“Her hubby was a crook and I had his supply in the hotel safe”

Grifter's Game (Hard Case Crime, #1) - Lawrence Block

Sex-bomb manipulates player into offing her money-bags husband but the person really pulling the strings is the author. This starts off in familiar waters but Block’s plot turns are, as usual, quite delicious and the narrative ends up going to some surprisingly nihilistic places

This short novel is about dependency in all its forms and it must have been a right old shocker in 1960. Frankly, it features scenes that wouldn’t be out of place in the latest series of ‘True Detective’. Twenty-something Joe Marlin is a drifter, a non-payer of hotel bills, a seducer of women, a gigolo. Think the Steve Martin character in ‘Dirty Rotten Scoundrels’ minus the laffs. There’s certainly a vicarious thrill to be had in telepathising yourself into a life that thumbs its nose at any rule or hotel bill but you soon start looking to see where the royal kick in the arse that Joe deserves is going to come from. Enter Mona Brassard. Yes, she’s the world’s greatest piece of eye-candy – these types always have to be to galvanise their man into murderous action and for him to get jolly pissed when things don’t go his way – but she’s also front and centre in coincidences which both the observant reader and the author know are all too convenient. ‘Grifter’s Game’ is self-aware, Joe is too, and Block is fleet of foot in leveraging this for plot goodness. There are three delicious plot turns in the first 30 pages and 55 years later the great man is still at it in 2015’s ‘The Girl With The Deep Blue Eyes’. When the first twist happens you want to hug Block as you hunker down in your reading chair, knowing you’re in good authorial hands.

The novel jettisons the grifter angle fairly early on and proceeds through Joe’s shabby little plan, the bang-bang itself, and then the wheels inevitably coming off as the dratted dame starts stirring the pot. Mona, however, is not quite outed as some great eminence grise and nor does Joe get left in the gutter as she jets it off to Monaco, leaving him and us to reflect wryly on the absurdity of existence. Oh no. This is Lawrence Block we’re talking about, a Grand Master of the Mystery Writers of America . Fiend Block even dangles escape in the form of Nan Hickman in front of Joe and there is no reader who won’t be yelling at Joe to take what money he has and clear out to a life with her. Joe has every opportunity to walk away from this road show and that he doesn’t is the killing blow. That’s why the novel ends with him (beyond contempt, by the way, for what he does to Mona) contemplating a life down the drain for himself. Joe is despicable but Block lets us know – not that we need telling – that it’s the self-loathing that will do for him in the end.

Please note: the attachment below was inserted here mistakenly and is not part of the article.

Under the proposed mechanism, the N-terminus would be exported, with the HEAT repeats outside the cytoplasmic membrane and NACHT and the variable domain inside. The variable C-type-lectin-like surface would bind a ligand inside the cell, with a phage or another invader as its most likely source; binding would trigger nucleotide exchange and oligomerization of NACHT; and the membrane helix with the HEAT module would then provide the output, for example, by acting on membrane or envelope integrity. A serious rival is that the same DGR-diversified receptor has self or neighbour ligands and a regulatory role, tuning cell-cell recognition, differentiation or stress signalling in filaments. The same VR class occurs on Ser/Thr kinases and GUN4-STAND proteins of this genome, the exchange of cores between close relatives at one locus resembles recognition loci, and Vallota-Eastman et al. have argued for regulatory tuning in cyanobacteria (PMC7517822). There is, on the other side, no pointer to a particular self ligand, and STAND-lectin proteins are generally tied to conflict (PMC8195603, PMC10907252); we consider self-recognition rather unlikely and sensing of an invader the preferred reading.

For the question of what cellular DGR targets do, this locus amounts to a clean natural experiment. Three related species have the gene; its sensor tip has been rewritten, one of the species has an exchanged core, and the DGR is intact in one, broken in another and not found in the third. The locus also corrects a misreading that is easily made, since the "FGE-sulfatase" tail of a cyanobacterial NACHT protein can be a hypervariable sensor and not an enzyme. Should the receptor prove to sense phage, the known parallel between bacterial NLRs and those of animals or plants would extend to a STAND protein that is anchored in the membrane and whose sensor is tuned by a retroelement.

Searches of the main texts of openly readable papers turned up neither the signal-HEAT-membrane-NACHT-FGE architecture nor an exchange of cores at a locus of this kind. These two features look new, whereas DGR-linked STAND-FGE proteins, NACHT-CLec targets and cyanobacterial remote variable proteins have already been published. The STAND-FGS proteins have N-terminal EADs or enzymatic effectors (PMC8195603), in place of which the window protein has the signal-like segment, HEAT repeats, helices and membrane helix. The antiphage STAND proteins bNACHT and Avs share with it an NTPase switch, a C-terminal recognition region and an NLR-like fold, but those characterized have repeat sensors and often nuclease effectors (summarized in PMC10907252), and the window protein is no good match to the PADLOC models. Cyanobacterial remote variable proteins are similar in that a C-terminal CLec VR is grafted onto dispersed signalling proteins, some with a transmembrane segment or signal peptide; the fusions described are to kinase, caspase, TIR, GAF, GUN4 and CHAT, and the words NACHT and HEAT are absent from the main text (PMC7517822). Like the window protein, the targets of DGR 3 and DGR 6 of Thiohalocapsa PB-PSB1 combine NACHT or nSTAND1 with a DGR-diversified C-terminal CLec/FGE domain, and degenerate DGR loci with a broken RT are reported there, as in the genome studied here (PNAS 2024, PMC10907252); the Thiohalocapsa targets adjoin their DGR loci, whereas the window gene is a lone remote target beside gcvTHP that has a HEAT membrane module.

I think there’s a case to be made for an edition of ‘The Quotable Block’, there are pull-out lines dotted all the way through this: “I thought like clocks tick”, “I drank bourbon and thought about murder”, “Eve learned that one the day they got dressed and moved out of Eden”. Mid twentieth-century man-fic still works like gangbusters because as in Shakespeare (‘Macbeth’ gets a name check in ‘Grifter’) we get to live for a while in the shoes of naughty people doing naughty things, satisfying our schoolboy ids, before sentence is imposed, usually by the Universe, thereby appeasing our nobler, censorious, selves. All done in prose that sings. These days ‘Grifter’ would make for a fine one episode vacation from the main proceedings of a hit show, something like the Jesse and Jane narrative in ‘Breaking Bad’. Wait a minute. Lawrence Block writing for ‘Breaking Bad’? Now there’s an idea…